# number_of_spanning_trees#

number_of_spanning_trees(G, *, root=None, weight=None)[source]#

Returns the number of spanning trees in `G`.

A spanning tree for an undirected graph is a tree that connects all nodes in the graph. For a directed graph, the analog of a spanning tree is called a (spanning) arborescence. The arborescence includes a unique directed path from the `root` node to each other node. The graph must be weakly connected, and the root must be a node that includes all nodes as successors [3]. Note that to avoid discussing sink-roots and reverse-arborescences, we have reversed the edge orientation from [3] and use the in-degree laplacian.

This function (when `weight` is `None`) returns the number of spanning trees for an undirected graph and the number of arborescences from a single root node for a directed graph. When `weight` is the name of an edge attribute which holds the weight value of each edge, the function returns the sum over all trees of the multiplicative weight of each tree. That is, the weight of the tree is the product of its edge weights.

Kirchoff’s Tree Matrix Theorem states that any cofactor of the Laplacian matrix of a graph is the number of spanning trees in the graph. (Here we use cofactors for a diagonal entry so that the cofactor becomes the determinant of the matrix with one row and its matching column removed.) For a weighted Laplacian matrix, the cofactor is the sum across all spanning trees of the multiplicative weight of each tree. That is, the weight of each tree is the product of its edge weights. The theorem is also known as Kirchhoff’s theorem [1] and the Matrix-Tree theorem [2].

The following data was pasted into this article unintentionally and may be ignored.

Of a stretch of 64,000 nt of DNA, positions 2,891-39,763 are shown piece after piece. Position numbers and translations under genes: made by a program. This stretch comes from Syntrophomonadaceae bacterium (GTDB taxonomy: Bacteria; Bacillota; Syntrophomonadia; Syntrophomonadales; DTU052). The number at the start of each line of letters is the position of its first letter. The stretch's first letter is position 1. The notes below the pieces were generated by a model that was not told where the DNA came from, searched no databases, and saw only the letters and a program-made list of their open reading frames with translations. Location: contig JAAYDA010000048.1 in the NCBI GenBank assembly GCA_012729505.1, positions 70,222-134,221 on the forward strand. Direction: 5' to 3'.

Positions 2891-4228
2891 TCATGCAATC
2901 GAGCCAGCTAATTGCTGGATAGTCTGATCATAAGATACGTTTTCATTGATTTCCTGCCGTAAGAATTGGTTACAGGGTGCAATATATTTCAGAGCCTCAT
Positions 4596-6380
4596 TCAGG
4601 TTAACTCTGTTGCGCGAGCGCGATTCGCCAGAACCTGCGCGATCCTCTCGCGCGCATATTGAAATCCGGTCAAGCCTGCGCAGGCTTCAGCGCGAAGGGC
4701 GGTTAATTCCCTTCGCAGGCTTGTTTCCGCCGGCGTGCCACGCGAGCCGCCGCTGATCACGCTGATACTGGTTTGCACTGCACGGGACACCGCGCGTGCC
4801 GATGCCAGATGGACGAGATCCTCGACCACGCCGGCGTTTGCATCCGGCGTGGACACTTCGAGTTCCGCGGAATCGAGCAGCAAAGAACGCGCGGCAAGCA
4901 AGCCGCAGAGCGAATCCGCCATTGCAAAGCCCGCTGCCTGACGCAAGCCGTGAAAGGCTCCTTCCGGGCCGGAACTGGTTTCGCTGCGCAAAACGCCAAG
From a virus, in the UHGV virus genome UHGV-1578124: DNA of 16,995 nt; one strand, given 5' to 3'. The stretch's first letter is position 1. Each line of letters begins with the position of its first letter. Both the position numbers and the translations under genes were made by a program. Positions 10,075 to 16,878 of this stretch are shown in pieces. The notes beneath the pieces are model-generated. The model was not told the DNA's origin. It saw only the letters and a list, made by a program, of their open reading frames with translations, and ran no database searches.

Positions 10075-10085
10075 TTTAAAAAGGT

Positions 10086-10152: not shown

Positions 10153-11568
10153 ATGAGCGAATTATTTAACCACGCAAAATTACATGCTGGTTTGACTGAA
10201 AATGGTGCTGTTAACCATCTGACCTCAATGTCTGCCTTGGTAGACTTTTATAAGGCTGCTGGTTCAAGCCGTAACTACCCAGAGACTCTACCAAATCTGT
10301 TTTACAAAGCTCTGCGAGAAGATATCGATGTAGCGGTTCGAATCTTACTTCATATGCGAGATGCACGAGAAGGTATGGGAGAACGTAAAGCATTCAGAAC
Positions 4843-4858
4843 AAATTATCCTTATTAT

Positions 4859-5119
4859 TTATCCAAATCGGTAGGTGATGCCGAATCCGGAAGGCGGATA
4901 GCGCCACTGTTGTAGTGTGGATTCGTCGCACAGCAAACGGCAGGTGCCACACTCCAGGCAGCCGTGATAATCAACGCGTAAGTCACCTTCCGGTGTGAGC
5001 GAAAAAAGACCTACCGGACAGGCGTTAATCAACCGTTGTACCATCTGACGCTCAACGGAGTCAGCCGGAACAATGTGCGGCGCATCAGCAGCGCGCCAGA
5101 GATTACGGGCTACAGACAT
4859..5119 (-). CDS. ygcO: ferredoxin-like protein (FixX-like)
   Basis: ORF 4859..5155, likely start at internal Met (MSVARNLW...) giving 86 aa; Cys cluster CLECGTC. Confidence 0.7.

For directed graphs, a similar theorem (Tutte’s Theorem) holds with the cofactor chosen to be the one with row and column removed that correspond to the root. The cofactor is the number of arborescences with the specified node as root. And the weighted version gives the sum of the arborescence weights with root `root`. The arborescence weight is the product of its edge weights.

Parameters:
GNetworkX graph
rootnode

A node in the directed graph `G` that has all nodes as descendants. (This is ignored for undirected graphs.)

weightstring or None, optional (default=None)

The name of the edge attribute holding the edge weight. If `None`, then each edge is assumed to have a weight of 1.

Returns:
Number
Undirected graphs:

The number of spanning trees of the graph `G`. Or the sum of all spanning tree weights of the graph `G` where the weight of a tree is the product of its edge weights.

Directed graphs:

The number of arborescences of `G` rooted at node `root`. Or the sum of all arborescence weights of the graph `G` with specified root where the weight of an arborescence is the product of its edge weights.

Raises:
NetworkXPointlessConcept

If `G` does not contain any nodes.

NetworkXError

If the graph `G` is directed and the root node is not specified or is not in G.

Notes

Self-loops are excluded. Multi-edges are contracted in one edge equal to the sum of the weights.

References

[1]

Wikipedia “Kirchhoff’s theorem.” https://en.wikipedia.org/wiki/Kirchhoff%27s_theorem

[2]

Kirchhoff, G. R. Über die Auflösung der Gleichungen, auf welche man bei der Untersuchung der linearen Vertheilung Galvanischer Ströme geführt wird Annalen der Physik und Chemie, vol. 72, pp. 497-508, 1847.

[3] (1,2)

Margoliash, J. “Matrix-Tree Theorem for Directed Graphs” https://www.math.uchicago.edu/~may/VIGRE/VIGRE2010/REUPapers/Margoliash.pdf

Examples

```>>> G = nx.complete_graph(5)
>>> round(nx.number_of_spanning_trees(G))
125
```
```>>> G = nx.Graph()